Is My Dog Normal? Evaluating strange canine behaviors



Bottom scooting, bad breath, horrible eating habits, crotch sniffing, strange aggressions and even stranger companionships are just some of the weird behaviors our furry family members exhibit. With more than 46 million dog owning households in the United States, pet parents are all too familiar with quirky canine behaviors. Protect Your Bubble pet health insurance is on a mission to educate pet parents about some of the craziest canine conundrums to determine once and for all – is your dog normal?!

Dr. Oz made the segment famous – audience members and off-the-street regular folks ask him their most embarrassing and personal questions, followed by Am I Normal? He puts them in his truth tube in front of millions and gives a medically based judgment – normal or not normal. The embarrassing truth is that as abnormal as humans feel sometimes – pet issues can be yuckier, smellier, crazier, more puzzling and way more complicated to understand. And since Americans spend an estimated $13 billion on vet care annually, it’s important to know what behaviors can lead to health issues. So we’ll be the judge – normal or not normal!

Poop eaters – Technically known as coprophagia, excrement eating is a pretty disgusting behavior that still puzzles veterinarians. “There are many possible underlying causes for coprophagia including nutritional deficiencies and intestinal malabsorption, but I’m not sure anyone knows for sure why pets sometimes eat #2,” says Dr. Scott Gibbs, owner and veterinarian at Hilltop Animal Hospital just outside of Raleigh, NC. “Some pets outgrow the behavior and others don’t. The only way to avoid this is to make it completely inaccessible, instead of dousing it in meat tenderizer.”

VERDICT – not normal, but not super unusual either.

Humping – All pet parents have experienced that awkward moment when their dog starts humping someone or something. “Humping can be a sexual behavior, but frequently is not. Humping in an unneutered or unspayed dog is likely sexual in nature, but in older dogs, it can be a sign of dominance or a reaction to something exciting, like a doorbell ringing or new people visiting,” explains Dr. Gibbs. “This behavior is frequently funny and oftentimes embarrassing, especially if you’re on the receiving end.”

VERDICT – normal

Crotch sniffing – Your dog greets everybody by sniffing his or her crotch – chalk it up to another awkward pet parent moment! “In the doggie world, butt sniffing is a perfectly acceptable and polite way of greeting a friend,” explains Dr. Gibbs. “Dogs have a very powerful sense of smell, so it’s easy to understand why they would use their sense of smell to investigate newcomers. It is thought that dogs can obtain and process a great deal of information from sniffing other dogs’ butts and – of course – our crotches.”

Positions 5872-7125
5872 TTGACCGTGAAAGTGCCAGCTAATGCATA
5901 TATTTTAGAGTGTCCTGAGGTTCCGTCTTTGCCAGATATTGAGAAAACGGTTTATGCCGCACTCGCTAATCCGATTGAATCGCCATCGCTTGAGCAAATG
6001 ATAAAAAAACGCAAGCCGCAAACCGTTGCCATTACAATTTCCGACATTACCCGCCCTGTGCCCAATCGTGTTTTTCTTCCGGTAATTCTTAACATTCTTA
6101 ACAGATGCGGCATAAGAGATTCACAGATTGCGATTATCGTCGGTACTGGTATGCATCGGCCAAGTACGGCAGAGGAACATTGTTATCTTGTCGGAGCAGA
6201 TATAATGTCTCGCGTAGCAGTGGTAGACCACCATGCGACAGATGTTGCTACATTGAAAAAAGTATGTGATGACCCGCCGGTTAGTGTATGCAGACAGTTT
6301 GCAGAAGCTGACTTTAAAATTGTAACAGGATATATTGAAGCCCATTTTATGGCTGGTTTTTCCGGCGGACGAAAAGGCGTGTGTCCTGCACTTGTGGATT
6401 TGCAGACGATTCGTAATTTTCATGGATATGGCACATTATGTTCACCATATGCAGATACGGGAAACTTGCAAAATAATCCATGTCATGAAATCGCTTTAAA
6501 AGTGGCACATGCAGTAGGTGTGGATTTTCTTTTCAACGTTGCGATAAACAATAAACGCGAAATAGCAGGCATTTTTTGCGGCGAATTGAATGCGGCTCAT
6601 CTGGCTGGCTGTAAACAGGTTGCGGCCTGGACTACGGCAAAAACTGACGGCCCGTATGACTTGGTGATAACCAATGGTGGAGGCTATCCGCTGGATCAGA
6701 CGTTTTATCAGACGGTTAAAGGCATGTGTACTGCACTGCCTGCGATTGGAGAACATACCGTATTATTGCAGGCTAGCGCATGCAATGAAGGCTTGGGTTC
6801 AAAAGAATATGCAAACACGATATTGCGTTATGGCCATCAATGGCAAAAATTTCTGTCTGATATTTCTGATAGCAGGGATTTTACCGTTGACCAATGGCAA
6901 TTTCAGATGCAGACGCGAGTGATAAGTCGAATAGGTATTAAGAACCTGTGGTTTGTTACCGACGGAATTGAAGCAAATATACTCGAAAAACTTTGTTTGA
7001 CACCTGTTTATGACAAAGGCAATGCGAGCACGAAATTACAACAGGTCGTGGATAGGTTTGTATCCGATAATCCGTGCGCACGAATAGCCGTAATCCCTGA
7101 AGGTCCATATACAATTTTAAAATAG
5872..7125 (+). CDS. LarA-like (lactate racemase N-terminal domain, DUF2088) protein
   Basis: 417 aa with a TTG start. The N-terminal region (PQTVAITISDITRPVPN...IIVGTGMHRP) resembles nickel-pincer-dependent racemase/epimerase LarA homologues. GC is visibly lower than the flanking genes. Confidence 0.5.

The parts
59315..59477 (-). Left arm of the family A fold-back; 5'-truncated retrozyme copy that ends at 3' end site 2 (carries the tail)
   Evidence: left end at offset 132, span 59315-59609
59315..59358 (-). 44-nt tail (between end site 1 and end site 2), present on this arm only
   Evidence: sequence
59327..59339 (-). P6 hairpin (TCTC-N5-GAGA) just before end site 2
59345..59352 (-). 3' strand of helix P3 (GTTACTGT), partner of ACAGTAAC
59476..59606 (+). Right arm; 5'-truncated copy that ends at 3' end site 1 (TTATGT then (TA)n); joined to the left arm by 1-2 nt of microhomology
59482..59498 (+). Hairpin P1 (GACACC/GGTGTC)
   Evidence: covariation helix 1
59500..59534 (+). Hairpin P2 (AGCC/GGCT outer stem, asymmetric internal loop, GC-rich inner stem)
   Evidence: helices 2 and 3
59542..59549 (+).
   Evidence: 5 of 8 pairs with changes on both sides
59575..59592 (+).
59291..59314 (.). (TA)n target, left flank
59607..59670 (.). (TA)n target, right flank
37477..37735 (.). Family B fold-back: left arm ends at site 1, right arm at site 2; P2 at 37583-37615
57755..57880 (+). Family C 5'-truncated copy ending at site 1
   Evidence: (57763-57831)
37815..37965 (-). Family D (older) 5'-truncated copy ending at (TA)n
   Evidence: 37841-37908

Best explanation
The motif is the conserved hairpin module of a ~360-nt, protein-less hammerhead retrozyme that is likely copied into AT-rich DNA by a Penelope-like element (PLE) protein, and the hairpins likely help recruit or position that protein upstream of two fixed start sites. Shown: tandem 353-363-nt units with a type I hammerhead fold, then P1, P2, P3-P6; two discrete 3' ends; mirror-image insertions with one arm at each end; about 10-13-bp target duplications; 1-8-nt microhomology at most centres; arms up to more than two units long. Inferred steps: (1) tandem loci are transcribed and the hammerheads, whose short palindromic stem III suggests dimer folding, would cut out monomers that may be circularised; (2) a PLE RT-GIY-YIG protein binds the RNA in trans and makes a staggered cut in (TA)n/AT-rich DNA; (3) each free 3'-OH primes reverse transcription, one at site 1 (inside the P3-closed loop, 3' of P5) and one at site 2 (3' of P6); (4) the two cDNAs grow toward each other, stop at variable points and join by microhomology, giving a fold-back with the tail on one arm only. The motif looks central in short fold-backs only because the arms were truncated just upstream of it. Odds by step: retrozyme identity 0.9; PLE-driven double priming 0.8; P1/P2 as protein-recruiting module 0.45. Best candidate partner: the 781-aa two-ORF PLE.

VERDICT – normal

Horrible breath – Also known as halitosis, dogs get bad breath for the same reasons that people do – a build up or accumulation of odor producing bacteria in the oral cavity, lungs or gut. “Halitosis is frequently associated with oral or dental disease, but can associated with more severe medical conditions like kidney disease. Either way, bad breath warrants a visit to the veterinarian for an evaluation,” says Dr. Gibbs.

VERDICT – not normal

Butt scooting boogie – One of the most frequently asked questions in the veterinarian’s office – why is my dog scooting across the floor on his butt? According to Dr. Gibbs, “Butt scooting is typically associated with some underlying disorder, the most common being full or inflamed anal sacs or internal parasites. Persistent butt scooting warrants a visit to the doctor.”

VERDICT – occasionally – normal; persistent scooting – not normal

Hoarding – Hoarding is a commonly documented behavior in wild and domestic canines. Says Dr. Gibbs, “Don’t get too worried about hoarding unless your dog keeps hiding and hoarding your car keys or if it is accompanied by aggression toward family members or other pets in the house.”

VERDICT – normal

These are just a few of the curious behaviors our canine companions dole out on a daily basis, but at least now you know – normal or not normal! At Protect Your Bubble, we want to ensure your pets’ health and well being throughout its entire life, so if there’s an issue that’s persisting for lengthy periods of time or is interfering with your pets’ quality of life, see your veterinarian right away.

(Submitted by Protect Your Bubble Pet Health Insurance, Atlanta, GA 30309)

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